Alexandre Pinheiro Alexandre Pinheiro - 2 months ago 7
Javascript Question

Get frame change in video HTML5

I need detect all frames changes of a video in HTML 5, i tried the follow code, but i can't get all changes, only i can get eight or nine updates per second..

<body>
<canvas id="Canvas" width="800" height="450" style="position:absolute; left:5; top:5">Can't Load Canvas</canvas>
<video id="videoPlay" muted controls>
<source src="assets/soccer.webm" type="video/webm">
<source src="assets/soccer.mp4" type="video/mp4">
Your browser does not support the video tag.
</video>
</body>
<script type="text/javascript">
videoPlay.addEventListener('timeupdate', function (){
putOverlay();
});
function putOverlay(){
console.log(videoPlay.currentTime);
console.log("another frame");
}
</script>
</html>


I tried the following code too, but with a timer there is a loss of synchronization between the frame and the value given by the timer, over time..

<body>
<canvas id="LeCanvas" width="800" height="450" style="position:absolute; left:5; top:5">Can't Load Canvas</canvas>
<!-- Video -->
<video id="videoPlay" controls>
<source src="assets/soccer.webm" type="video/webm">
<source src="assets/soccer.mp4" type="video/mp4">
Your browser does not support the video tag.
</video>
</body>
<!-- Play Video-->
<script>
//Play Damn Video
var videoPlay = $('#videoPlay')[0];
videoPlay.play(1);
</script>
<!-- Canvas Animation -->
<script>
//Animation
function animate() {
console.log("frame change");
}
setInterval(animate, 1000/29.97);
</script>


Any suggestions for my problem?

Sorry my english

regards
Alex

Answer

As noted in the comments above, timeupdate only fires every 15-250ms, and in practice it appears to be closer to 250ms. It seems as though timeupdate was designed to provide enough accuracy to display the currentTime every second. So your best option is to run a timer that runs at the rate you want and query currentTime on every iteration.

But rather than use setInterval or even setTimeout, you should be using requestAnimationFrame. This will run approximately every 16ms (60fps), but it will be synchronized with the video card refresh rate. If you use setTimeout, you may see flicker or screen tearing on certain devices, especially mobile ones. It also allows the browser to throttle your frame rate when the tab is not visible to save on CPU cycles (and therefore battery usage).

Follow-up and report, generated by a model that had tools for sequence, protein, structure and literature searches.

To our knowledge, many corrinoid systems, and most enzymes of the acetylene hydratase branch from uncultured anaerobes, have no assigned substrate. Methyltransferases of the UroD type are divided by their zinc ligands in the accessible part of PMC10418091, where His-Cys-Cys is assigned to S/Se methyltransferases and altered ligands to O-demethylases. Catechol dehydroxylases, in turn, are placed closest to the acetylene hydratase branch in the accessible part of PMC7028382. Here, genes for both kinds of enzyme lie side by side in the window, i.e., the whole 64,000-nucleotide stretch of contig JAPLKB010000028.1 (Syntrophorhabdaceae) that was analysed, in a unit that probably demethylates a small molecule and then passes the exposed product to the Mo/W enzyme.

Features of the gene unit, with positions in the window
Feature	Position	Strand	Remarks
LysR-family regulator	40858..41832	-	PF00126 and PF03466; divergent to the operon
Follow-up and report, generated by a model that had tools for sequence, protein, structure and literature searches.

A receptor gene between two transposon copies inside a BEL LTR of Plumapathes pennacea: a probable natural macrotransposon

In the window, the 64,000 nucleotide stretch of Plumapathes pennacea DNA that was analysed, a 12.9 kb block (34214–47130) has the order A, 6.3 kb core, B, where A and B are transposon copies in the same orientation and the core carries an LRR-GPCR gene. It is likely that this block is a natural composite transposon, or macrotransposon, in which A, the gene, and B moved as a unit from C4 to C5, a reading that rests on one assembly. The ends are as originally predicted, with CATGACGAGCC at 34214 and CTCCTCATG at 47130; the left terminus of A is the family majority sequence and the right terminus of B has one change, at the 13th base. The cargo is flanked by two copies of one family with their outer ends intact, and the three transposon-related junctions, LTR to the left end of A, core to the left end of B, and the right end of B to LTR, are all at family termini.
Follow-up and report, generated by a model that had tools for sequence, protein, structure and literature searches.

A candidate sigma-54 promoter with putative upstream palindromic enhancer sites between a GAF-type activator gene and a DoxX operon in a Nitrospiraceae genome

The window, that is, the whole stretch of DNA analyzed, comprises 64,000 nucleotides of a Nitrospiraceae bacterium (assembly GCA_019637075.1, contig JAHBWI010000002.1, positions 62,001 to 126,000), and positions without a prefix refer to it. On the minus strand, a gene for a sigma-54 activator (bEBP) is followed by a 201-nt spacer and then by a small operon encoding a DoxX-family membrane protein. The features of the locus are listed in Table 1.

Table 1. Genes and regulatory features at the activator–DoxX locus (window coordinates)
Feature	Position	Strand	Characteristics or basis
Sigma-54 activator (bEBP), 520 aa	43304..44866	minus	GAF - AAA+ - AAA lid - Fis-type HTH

It's also better than setInterval because, if for some reason your render code takes longer than the 30 or 16ms you've allotted, setInterval may pile up calls and cause timing problems, but requestAnimationFrame will skip frames to get you back on track.

Assuming you've used the polyfill as above, the code would look something like this:

var video = document.getElementById('videoPlay'),
    lastTime = -1;
function draw() {
    var time = video.currentTime();
    if (time !== lastTime) {
        console.log('time: ' + time);
        //todo: do your rendering here
        lastTime = time;
    }

    //wait approximately 16ms and run again
    requestAnimationFrame(draw);
}

draw();

The above code has a check on time to make sure you don't draw the same frame twice in a row. You don't really need that, but it will save you a few CPU cycles. But when drawing a video to canvas, the frame is a couple of milliseconds behind what's reported by currentTime. So if you pause the video and then skip around, you will almost definitely be one frame behind. Usually, if the currentTime hasn't changed since my last draw but the video is paused, I'll keep drawing every cycle for another half second or so. Or you could just take the time check out.